(Cross posted at Daily Kos)
I’ve been around long enough to remember what it was like living under the Nixon administration: subject to the draft, vulnerable to unconstitutional power-grabs like Cointelpro, and witnessing the whole snakepit of lawbreaking that lay beneath what we now call “Watergate.” And when Nixon went down I viewed it as a triumph — the system had righted itself.
Many years later, when Miss Julie worried about the state of the nation should Bush be re-elected in 2004, I told her that the country survived Nixon back then and we’d survive Bush this time.
But I may have spoken too soon.
My mistake was in forgetting that the “youngsters” in the Nixon administation (i.e., Cheney and Rumsfeld) watched and waited and learned their lessons well. They bided their time. And now they’re back and they will not be thwarted again. Not easily. Not without a fight.
They learned their lessons well. In their eyes, Nixon failed because he was weak. He had some flawed notion of the balance of powers between the executive and legislative branches. He actually respected Congress! Remember when Republican Senators Goldwater and Scott sat Nixon down? They told him the jig was up — that he didn’t have the votes in the Senate to withstand impeachement and conviction. It was the final straw: Nixon quit.
Flash forward to today. Can you see ANYONE in the Republican party doing anything remotely like that for Bush now? And if they did, can you see him listening? No — Congress is Bush’s rubber-stamp. They’ll never do it; Cheney and Rumsfeld have made sure of it this time around. Same goes for the Supreme Court. Cheney and Rumsfeld have learned their lessons well — the president will stand his ground against Congress and the courts and overcome them both. This time Cheney and Rumsfeld will get it done their way.
And in so doing, they have plunged this nation into dangerous waters. There is no longer a domestic historical precedent for where we are now. The historical precedents are all foreign and they aren’t pretty.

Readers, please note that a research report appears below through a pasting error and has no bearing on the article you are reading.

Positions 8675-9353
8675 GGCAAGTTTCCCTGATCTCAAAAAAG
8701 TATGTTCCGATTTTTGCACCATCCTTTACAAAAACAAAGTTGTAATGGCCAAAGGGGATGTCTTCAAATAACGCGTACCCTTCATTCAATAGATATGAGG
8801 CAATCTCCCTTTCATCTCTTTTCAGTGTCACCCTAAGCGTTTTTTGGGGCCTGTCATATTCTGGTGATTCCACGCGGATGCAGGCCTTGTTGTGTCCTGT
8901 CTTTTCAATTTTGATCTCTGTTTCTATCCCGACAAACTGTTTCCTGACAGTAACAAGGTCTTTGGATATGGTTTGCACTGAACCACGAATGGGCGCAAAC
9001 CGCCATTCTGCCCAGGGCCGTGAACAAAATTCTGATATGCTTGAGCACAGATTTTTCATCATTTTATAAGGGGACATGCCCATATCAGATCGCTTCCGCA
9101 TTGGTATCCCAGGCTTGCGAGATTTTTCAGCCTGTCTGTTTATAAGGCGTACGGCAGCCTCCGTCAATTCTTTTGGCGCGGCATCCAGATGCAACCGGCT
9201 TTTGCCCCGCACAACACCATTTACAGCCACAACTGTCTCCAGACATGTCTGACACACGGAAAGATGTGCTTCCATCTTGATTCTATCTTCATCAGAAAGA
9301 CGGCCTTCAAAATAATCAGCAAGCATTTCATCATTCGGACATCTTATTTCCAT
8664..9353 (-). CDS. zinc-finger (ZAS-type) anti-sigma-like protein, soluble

If you think I’m being overly pessimistic, read what an immigrant Romanian cab driver had to say about the parallels between his native home and his adopted one.
After reading it, you might say, “that can’t happen here.” But it can.
Look around: the signs are everywhere. The leash is slowly tightening.
There is a slow gathering of absolute power in the Executive branch; there is the rubber-stamp Congress that goes along; secret laws are passed; American citizens are “detained” and held indefinitely without charge; there are the attacks on “activist judges” in the judicial branch; there is the tearing down of the wall between church and state; there is the erosion of our economic system — the only thing we make anymore are “deals.” The system is gamed for those who are already rich — the middle-class family really doesn’t have a chance to participate in “prosperity.” We rely on foreign capital, foreign manufacturing, foreign oil, and after all this — we’d be silly to think that it can’t happen here. It can and it is.
What can we do?
We must remember that we are Americans living with our American traditions — freedom of the press, freedom of speech, separation of church and state, freedom from unreasonable search and seizure, habeus corpus.
But it’s even simpler than that.
We know that our system is built on bedrock — the checks and balances between the three co-equal branches of government. We know that we still have the ability to elect a legislature that will stand up to the Executive and not be a rubber-stamp.
We know that, although time is running short, we still have mostly free elections.
Come November, we have another chance to turn it around. It won’t be easy. It won’t happen overnight. But in November we can elect a Democratic Congress that will overturn the Republican rubber stamp Congress that sits in office today. We can elect a Congress that will say NO to this president.
It won’t be easy. It will mean getting off our asses and going to the polls. It will mean each of us taking five others who might whine and complain about how little it means to vote anymore. If you have to drag them there, kicking and screaming, then so be it. Like I said, it won’t be easy. But if we do that, we might still have a chance to turn this ship around and start sailing in the right direction.
It’s up to us. It’s up to you and me.
Fifty years from now, perhaps our children will look back on a time that was shaped by the decisions and actions that we undertake now, today. In that time, I hope that they’ll say that we were thinking not only of our time, but of their time; I hope that they’ll remember that we reached as high as our ideals; I hope that they’ll tell their children that we joined together to serve and strengthen the land we love.
It’s not too late. But we have to act now. Vote in November for a Democratic Congress. It might be our last chance to turn this ship around.